Six people were indicted Wednesday in an international ring that took over more than 1,000 StubHub users’ accounts and fraudulently bought tickets that were then resold.
Manhattan District Attorney Cyrus R. Vance, Jr., today announced the indictment of six individuals in connection with an international cybercrime ring that was able to take over StubHub, LLC (“StubHub”) user accounts, steal personal identifying information, use victims’ credit cards to make fraudulent electronic ticket (“e-ticket”) purchases, and transfer the proceeds through a global network of accomplices in the United States, United Kingdom, Russia, and Canada. The defendants are charged in New York State Supreme Court with varying degrees of Money Laundering, Grand Larceny, Criminal Possession of Stolen Property, and Identity Theft, among other charges.1
“Cybercriminals know no boundaries – they do not respect international borders or laws,” said District Attorney Vance. “Today’s arrests and indictment connect a global network of hackers, identity thieves, and money-launderers who victimized countless individuals in New York and elsewhere. The coordinated actions of law enforcement officials in New York, New Jersey, the United Kingdom, and Canada demonstrate what can be achieved through international cooperation. I thank all of our partners, including the City of London Police, Royal Canadian Mounted Police, the United States Secret Service, and the NYPD for their integral assistance with this investigation.
“Regardless of where the case originates, nearly every cybercrime case begins with similar breaches: a stolen password, unauthorized use of a credit card, or unaccountable charges on a personal statement, for example. In this case, StubHub discovered evidence of fraud and immediately reported it to law enforcement. I encourage anyone who believes that he or she may have been the victim of identity theft to call my Office’s Cybercrime and Identity Theft hotline at 212-335-9600.”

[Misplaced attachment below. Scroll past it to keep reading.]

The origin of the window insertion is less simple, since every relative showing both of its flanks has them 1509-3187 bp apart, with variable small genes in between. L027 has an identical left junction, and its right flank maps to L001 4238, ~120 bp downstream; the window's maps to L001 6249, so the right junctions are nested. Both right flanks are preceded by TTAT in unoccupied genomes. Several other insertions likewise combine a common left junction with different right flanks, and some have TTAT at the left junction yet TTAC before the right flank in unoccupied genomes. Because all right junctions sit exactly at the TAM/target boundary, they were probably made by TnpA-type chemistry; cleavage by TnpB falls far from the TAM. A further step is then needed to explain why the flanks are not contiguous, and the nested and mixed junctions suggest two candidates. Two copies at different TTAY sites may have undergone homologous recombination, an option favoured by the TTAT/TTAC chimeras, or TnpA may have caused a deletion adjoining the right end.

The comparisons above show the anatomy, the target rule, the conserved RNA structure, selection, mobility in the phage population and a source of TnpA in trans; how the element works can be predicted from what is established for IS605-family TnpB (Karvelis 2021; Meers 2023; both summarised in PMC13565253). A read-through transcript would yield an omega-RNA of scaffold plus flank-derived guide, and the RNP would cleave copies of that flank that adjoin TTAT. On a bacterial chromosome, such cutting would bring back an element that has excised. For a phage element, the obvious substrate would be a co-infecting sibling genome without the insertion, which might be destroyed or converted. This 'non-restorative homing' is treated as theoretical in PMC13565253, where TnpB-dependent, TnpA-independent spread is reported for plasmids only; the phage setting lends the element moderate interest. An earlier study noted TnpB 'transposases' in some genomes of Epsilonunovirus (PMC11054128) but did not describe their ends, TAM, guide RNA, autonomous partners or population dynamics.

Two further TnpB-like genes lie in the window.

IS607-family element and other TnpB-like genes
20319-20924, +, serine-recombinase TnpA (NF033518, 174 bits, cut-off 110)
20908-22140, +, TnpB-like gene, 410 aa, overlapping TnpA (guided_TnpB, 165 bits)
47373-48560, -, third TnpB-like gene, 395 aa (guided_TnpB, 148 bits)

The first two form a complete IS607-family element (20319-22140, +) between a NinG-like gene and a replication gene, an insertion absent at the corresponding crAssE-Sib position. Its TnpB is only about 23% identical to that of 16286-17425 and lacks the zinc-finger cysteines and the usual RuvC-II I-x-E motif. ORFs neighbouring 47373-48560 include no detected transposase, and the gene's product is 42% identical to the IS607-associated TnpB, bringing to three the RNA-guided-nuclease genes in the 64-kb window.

City of London Police Commissioner Adrian Leppard said: “This represents a milestone in the working relationship we have developed with the New York County District Attorney’s Office to target what is truly international organized crime. This is an important investigation, targeting cyber criminals who are believed to have defrauded StubHub out of $1 million, by hacking its United States’ customers’ accounts to fraudulently purchase and sell tickets, and then laundered their criminal profits through legitimate UK bank accounts. The coordinated arrests in New York and London highlight how law enforcement will work globally to protect legitimate businesses and consumers from cyber-enabled fraud through the relentless pursuit of suspected criminals.”
Inspector Andrew Cowan, Officer in Charge of the Royal Canadian Mounted Police’s London Detachment, said: “Organized crime is an international problem that cannot be fought solely within our borders. As such, the RCMP is committed to work diligently with our international partners to combat organized crime in all its forms. This investigation is an excellent example of the success that can be achieved through strong international partnerships.”
Special Agent in Charge of the U.S. Secret Service New York Field Office Robert J. Sica said: “Our Electronic Crimes Task Force partnerships have proven remarkably successful in detecting and suppressing computer-based crime. The successes of these partnerships have proven that it remains difficult for criminals to remain anonymous. The Secret Service will continue to pursue new and innovative ways to combat emerging cyber threats.”
StubHub Director of Trust and Safety Eric Boyles said: “StubHub would like to thank the New York District Attorney’s Office, the New York Police Department as well as the many participating law enforcement agencies around the world for their efforts in investigating organized criminal activity targeting the event ticketing industry and consumers at large. We are pleased to see these cyber criminals brought to justice as part of StubHub’s continuing commitment to maintaining safe and open markets for fans to buy and sell tickets.”